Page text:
On March 16, 2022, the Federal Circuit denied Biogen’s petition for rehearing of its November 2021 decision in Biogen Int’l GmbH v. Mylan Pharms., Inc., 18 F.4th 1333, 1343 (Fed. Cir. 2021), which found that Biogen’s patent U.S. 8,399,514 (“the ’514 patent”) covering the treatment of multiple sclerosis (MS) with dimethyl fumarate (DMF, Brand name Tecfidera®) invalid for lack of written description.
The core issue in the panel’s 2-1 decision in November 2021 was whether the specification of the ’514 patent sufficiently supported the claimed therapeutically effective DMF dose 480 mg per day (DMF480) in MS treatment. The panel majority found that the DMF480 dose was disclosed only once in the specification and only appeared at the end of a dose range among a series ranges, and held that the specification’s focus on basic research and the mere disclosure of broad dosage ranges showed that the inventors did not possess the therapeutically effective DMF480 dose at the time of filing the application. The panel majority asserted that what matters in this case is whether “a skilled artisan could deduce simply from reading the specification that DMF480 would be a therapeutically effective treatment for MS.” Biogen at 1344.
In dissent, Judge O’Malley cited Biogen’s explanation that while clinical efficacy would require a showing of superior clinical endpoints compared to the standard care of MS, therapeutic efficacy refers to the drug dose that can prevent, delay onset of, or ameliorate symptom of MS. Judge O’Malley argued that the majority erred by conflating therapeutic efficacy and clinical efficacy, and by requiring the patent specification to show clinical efficacy to satisfy its heightened written description test. In Judge O’Malley’s view, where only therapeutic efficacy should be sufficient. Indeed, Judge O’Malley succinctly summarized the problem created by the district court and propagated by the majority, i.e., “after acknowledging that clinical data demonstrating effectiveness is not required to satisfy written description, the district court went on to find that the ’514 patent does not demonstrate possession because it lacks clinical efficacy data.” Id at 1349.
In its rehearing petition, Biogen argued that the panel’s decision created a higher standard of written description by requiring (a) the proof of the efficacy rather than the disclosure of the claimed method and (b) the specification repeatedly describing and singling out the claimed drug dose. Biogen’s petition was supported by amicus briefs filed by various pharmaceutical groups including The Pharmaceutical Research and Manufacturers of America, Biotechnology Innovation Organization, and the American Chemical Society.
Judge Lourie, joined by Judges Moore and Newman, dissented from the court’s denial of rehearing the case. Judge Lourie reviewed various precedential cases where the Federal Circuit had found lack of written description, but asserted that “this case, in which every claim limitation is expressly described in the disclosure of the patent specification, is at the farthest end of the spectrum of cases where written description has not been found. It is an outlier.”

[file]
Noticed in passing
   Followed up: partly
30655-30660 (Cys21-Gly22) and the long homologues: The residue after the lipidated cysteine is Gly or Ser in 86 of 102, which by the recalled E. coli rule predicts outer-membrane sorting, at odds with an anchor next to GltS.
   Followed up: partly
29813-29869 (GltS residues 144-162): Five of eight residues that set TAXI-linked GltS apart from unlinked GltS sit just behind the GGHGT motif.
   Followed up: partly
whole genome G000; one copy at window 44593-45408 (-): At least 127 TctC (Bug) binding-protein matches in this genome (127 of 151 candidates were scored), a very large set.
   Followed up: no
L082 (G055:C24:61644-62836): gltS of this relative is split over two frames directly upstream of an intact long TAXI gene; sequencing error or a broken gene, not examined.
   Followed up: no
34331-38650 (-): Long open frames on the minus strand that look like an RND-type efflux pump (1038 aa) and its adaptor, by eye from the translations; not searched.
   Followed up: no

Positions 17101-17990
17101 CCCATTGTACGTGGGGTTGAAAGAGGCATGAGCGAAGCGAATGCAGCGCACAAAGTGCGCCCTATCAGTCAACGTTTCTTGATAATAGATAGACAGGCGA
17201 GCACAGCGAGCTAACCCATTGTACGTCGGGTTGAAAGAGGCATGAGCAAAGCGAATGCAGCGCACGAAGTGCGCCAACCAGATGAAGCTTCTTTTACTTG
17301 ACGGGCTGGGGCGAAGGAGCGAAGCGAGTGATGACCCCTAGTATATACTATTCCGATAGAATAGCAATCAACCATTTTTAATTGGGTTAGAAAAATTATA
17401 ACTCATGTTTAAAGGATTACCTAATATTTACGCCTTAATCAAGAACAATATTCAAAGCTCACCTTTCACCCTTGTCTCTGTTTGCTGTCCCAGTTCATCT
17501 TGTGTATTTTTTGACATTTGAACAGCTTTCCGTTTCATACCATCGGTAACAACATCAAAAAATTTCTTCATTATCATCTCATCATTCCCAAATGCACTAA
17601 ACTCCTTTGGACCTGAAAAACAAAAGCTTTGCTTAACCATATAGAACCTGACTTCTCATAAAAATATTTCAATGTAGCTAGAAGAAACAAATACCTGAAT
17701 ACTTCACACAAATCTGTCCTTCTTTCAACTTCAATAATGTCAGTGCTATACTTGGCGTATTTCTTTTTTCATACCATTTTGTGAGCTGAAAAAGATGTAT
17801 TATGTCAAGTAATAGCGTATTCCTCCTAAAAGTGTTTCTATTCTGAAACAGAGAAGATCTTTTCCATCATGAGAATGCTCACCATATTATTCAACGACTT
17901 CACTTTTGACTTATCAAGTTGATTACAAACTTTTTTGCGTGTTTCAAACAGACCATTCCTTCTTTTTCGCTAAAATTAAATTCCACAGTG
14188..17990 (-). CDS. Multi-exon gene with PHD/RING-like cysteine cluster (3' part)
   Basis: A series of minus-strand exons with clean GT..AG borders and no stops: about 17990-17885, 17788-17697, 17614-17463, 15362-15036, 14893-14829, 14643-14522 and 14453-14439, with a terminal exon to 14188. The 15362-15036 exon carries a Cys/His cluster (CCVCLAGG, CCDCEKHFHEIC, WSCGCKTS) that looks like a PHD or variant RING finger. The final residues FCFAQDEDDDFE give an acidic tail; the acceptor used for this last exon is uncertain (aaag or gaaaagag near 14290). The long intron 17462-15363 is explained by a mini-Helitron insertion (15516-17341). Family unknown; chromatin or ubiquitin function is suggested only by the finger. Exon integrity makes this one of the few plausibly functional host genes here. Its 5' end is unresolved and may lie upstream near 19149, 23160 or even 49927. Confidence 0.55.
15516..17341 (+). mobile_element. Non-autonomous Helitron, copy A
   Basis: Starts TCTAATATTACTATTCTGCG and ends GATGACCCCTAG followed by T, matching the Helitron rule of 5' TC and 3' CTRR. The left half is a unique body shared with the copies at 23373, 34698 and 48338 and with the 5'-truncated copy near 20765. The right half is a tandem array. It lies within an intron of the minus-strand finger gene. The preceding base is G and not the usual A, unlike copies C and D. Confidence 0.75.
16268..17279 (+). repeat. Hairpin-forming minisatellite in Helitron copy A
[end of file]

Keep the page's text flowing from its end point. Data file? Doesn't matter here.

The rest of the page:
Judge Lourie argued that there are four grounds of errors in the panel majority’s decision that the en banc court should have corrected. For the first ground, he argued that one mention in the specification is enough to support a claim element, but the panel majority overly emphasized unclaimed disclosures in the specification and did “irrelevant comparisons between the amount of disclosure of the claimed subject matter versus the unclaimed subject matter.” On the second ground, Judge Lourie pointed out that the specification expressly states the DMF480 dose and argued that the Federal Circuit precedent does not require the specification to prove the efficacy of the claimed pharmaceutical composition, which would be the province of the FDA. The third ground in Judge Lourie’s dissent is that the panel majority’s decision had imported “extraneous legal considerations into the written description analysis,” including enablement and best mode requirements, and “create[d] confusion…regarding what is required to meet the written description requirement. Regarding the last ground, Judge Lourie argued that the panel majority’s consideration of extrinsic evidence is improper because “extrinsic evidence should be used only as part of an objective inquiry into what is meant by the disclosure in the patent specification,” but “[m]eaning is not in question in this case.”
The majority’s opinion appears to set a higher standard for written description requirement at least for claims directed to therapeutic methods. However, in a recent decision Novartis Pharms. Corp. v. Accord Healthcare, Inc., 21 F.4th 1362, 1370 (Fed. Cir. 2022), the Federal Circuit found that a claim element “absent an immediately preceding loading dose regimen,” which was nowhere disclosed in the specification, satisfied the written description requirement. These decisions can be difficult to reconcile. Also in view of the vigorous dissenting opinions discussed above, this case may be headed to the Supreme Court. We will keep monitoring this case and report on future developments.